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    Thanks, this is exactly what I'm looking for. My small workshop is almost done. It's 16X26 with 10ft ceiling. Next step is building all my cabinets and work tables. I can't wait. I have a small 16X16 studio above, with a 10X16 patio. This plan would also work for the small kitchenette upstairs as well. Thanks!

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  • May 2, 2019 at 8:59 pm
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    He makes it look easy

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  • May 14, 2019 at 7:08 am
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    Old video, but I'd suggest using a speed square to ride the jig saw against for those toe kicks.

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  • May 31, 2019 at 3:16 pm
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    This is perfect for my basement liquor cabinet with a couple modifications. Thanks!

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  • June 10, 2019 at 5:38 pm
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    Yet another pocket hole vid where someone goes to the effort to build a cabinet with only screws and no glue.  Its like washing half your car.  It only shows how dirty the other half is.

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  • June 10, 2019 at 9:06 pm
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    💯 Excellent work. I would like to do all that in my cargo trailer

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  • June 10, 2019 at 9:07 pm
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    Where is your shop located?

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  • June 14, 2019 at 3:13 pm
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    I am very impressed with your methodical, logical and certainly repeatable construction of this cabinet and drawers. WOW!!

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  • July 13, 2019 at 1:38 am
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    Awesome build! Sold me, I bought the plans and will build several of these in my garage this year! Thank you for the inspiration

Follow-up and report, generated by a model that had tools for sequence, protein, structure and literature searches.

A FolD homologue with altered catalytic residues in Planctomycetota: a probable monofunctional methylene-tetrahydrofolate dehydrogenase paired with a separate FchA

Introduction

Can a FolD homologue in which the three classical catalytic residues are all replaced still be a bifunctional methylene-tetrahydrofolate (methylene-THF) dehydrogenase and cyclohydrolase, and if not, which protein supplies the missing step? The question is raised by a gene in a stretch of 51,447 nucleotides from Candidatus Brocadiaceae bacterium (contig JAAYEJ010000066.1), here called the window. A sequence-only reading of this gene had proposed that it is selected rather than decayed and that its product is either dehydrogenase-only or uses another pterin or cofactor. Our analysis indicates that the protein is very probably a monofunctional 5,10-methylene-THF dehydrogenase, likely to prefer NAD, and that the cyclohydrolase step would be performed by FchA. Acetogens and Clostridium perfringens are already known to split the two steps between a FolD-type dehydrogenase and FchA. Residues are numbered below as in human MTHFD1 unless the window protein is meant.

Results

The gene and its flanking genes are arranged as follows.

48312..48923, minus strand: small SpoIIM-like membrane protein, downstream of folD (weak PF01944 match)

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  • July 13, 2019 at 6:55 am
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    👍👍👍👏

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  • July 20, 2019 at 11:02 am
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    Have you ever met Aston Kutcher?

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  • July 22, 2019 at 5:33 am
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    Top job 😀. Well done. To err is human. Great to see even the best occasionally make a mistake. I have learned more from my mistakes than not. Love the quick tip on fitting the drawer slides. Cheers from Michael. Australia

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  • July 23, 2019 at 1:03 am
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    How can I build this cabinet without all those tools?

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  • August 7, 2019 at 2:55 pm
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    Your videos are great. Please don’t fast forward it.

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  • August 8, 2019 at 2:43 am
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    if that's your garage cabinet I want to see your kitchen

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  • August 10, 2019 at 10:13 am
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    Must be nice to have a full shop to do this in

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  • August 25, 2019 at 10:02 pm
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    Hey Brad, I'm getting ready to start my very first kitchen cabinet build. I've seen Kreg at Workbenchcon but it's nicer to see their products used in your setting. Wish me luck! It's high end cherry so I'm keeping my fingers crossed for few mistakes – haha! Not very likely… thank you, Renee

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  • August 28, 2019 at 3:14 am
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    Super Thanks!! I just completed your base cabinet for my garage and your wall cabinets for my garage. I had never built anything before and I used just the basic hand tools and all the Kreg Tools you used to make it. I am shocked on how great it came out. I studied your cabinet construction and copied it to the letter. I learned so much on this project. Thank You Again!!

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  • September 9, 2019 at 8:57 pm
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    Excelente Trabajo. Todo bien explicado.

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  • September 16, 2019 at 12:19 pm
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    "DIY" – if you have a huge garage full of all the tools and equipment.

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  • September 27, 2019 at 4:00 am
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    I guess pocket holes screws are easier than finger joint or mortise and tenon type joints.